Wednesday, May 20, 2009
Major Networks Cut Costs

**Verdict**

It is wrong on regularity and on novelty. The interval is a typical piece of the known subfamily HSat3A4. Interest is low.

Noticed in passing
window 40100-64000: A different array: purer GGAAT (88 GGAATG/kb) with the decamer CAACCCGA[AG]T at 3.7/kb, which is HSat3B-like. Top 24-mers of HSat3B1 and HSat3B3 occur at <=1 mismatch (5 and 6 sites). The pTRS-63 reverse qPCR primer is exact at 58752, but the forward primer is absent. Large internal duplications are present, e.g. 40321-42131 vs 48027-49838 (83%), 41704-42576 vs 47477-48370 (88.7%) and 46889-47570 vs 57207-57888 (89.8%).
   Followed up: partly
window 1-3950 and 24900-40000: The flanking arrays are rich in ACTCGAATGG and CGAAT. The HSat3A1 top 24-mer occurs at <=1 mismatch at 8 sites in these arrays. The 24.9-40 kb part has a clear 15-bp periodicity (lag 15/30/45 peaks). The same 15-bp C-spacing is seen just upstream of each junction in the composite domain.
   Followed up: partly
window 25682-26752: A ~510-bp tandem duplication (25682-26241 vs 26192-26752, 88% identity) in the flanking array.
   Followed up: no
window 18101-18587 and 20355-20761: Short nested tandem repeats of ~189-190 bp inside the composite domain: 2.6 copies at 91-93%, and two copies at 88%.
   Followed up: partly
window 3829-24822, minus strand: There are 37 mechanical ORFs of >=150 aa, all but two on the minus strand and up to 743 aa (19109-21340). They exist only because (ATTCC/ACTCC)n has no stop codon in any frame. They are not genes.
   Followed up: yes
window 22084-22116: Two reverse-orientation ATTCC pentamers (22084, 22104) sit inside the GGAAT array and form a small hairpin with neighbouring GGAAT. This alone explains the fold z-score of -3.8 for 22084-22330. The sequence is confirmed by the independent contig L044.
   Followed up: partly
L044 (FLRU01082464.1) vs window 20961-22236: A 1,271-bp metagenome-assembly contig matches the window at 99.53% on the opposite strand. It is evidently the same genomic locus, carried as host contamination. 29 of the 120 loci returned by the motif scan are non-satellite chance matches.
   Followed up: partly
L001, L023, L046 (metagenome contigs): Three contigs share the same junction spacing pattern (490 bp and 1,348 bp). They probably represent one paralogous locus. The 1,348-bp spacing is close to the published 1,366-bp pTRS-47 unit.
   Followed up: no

The major TV networks have announced their plans for the 2009-2010 season. It looks like many of the final decisions were not based on ratings, but on a strange mathematical formula. For instance, the popular drama "Without a Trace" was canceled by CBS after seven seasons primarily because it is too expensive to produce. "Chuck," because of a massive Internet campaign by its loyal supporters, was renewed by NBC for a third season, but at a price. The budget was cut so heavily that besides asking everyone associated with the show to take a pay cut, the show is reportedly firing at least two writers and scaling back on the number of episodes various supporting cast members appear on. It is also being reported that a major cast member will be eliminated. Then there's ABC. The channel that canceled quality shows like "Life on Mars" and "Pushing Daisies" because of low ratings has given the ax to "Samantha Who?" It wasn't about the ratings. The show was the top new comedy on TV its first season, following "Dancing With the Stars." "Samantha Who?" won the People's Choice Award for "favorite new TV comedy" and co-star Jean Smart won an Emmy for "supporting actress in a comedy series". Star Christina Applegate was nominated for an Emmy for "lead actress in a comedy series". She was also nominated for a Screen Actors Guild Award, a Golden Globe, a Teen Choice Award and others, including the Television Critics Award. The reason "Samantha Who?" was canceled was not because of ratings, however, but because of the high production costs associated with using a talented cast, shooting in L.A. (as opposed Vancouver, for instance), the cost of a quality writing staff, and paying a highly skilled and expensive crew. The show was originally a hit, but then was buried in the schedule by network executives who, despite getting gigantic raises of their own, thought the show was too expensive, compared to the new shows it has lined up for next season. In fact, the producers of "Samantha Who?" were asked about the possibility of trimming $500,000 a week from the budget. One idea was to use a multiple-camera format in front of a live audience instead of shooting on film. But in the end, it came down to money. Even with all the cost-cutting measures, it still wasn't worth it for the fat cats in the suits. "America's Funniest Home Videos" is being picked up for its 20th season, and "The Bachelor" continues to roll along. "Dancing With the Stars" is a big hit, so look for another 15 or 20 seasons. But while TV executives take salaries in the millions, then sit back and wait for a raise of another million or two, they set their fall line-up based on the bottom line. It's good to see "Chuck" given another chance, but it's too soon to know if there will be any major difference in the quality of the show after the hundreds of thousands of dollars in cutbacks per episode. If the show succeeds, look for this to be the standard operating procedure for the major networks. Scripted shows will be given the green light only if they are operating on a tightened budget, meaning fire most of the writing staff, cut back on series regulars, and ask the crew to take a pay cut. Even then, it's cheaper to produce a reality show, so look for more of shows like "Survivor" and "America's Got Talent". Or maybe watch "Scrubs," which was originally on NBC, then was picked up by ABC for one last season. Or so we thought. "Scrubs" has been picked up, but with a new and cheaper cast plus other cost saving measures. I never liked "Scrubs" anyway, so I'll be sticking to my cable shows. Most scripted cable shows, it should be noted, start out with a relatively low budget, but at least they are given a chance to find their audience. AMC, for instance, has stuck with critically acclaimed shows like "Mad Men" and "Breaking Bad," despite ratings that would be considered low on the major networks. But because of the continued manic behavior by the major network executives, viewers are switching to these quality cable shows, and it's being reflected in the ratings. The networks are losing their audience at the expense of cable. Well, actually because of their own stupidity.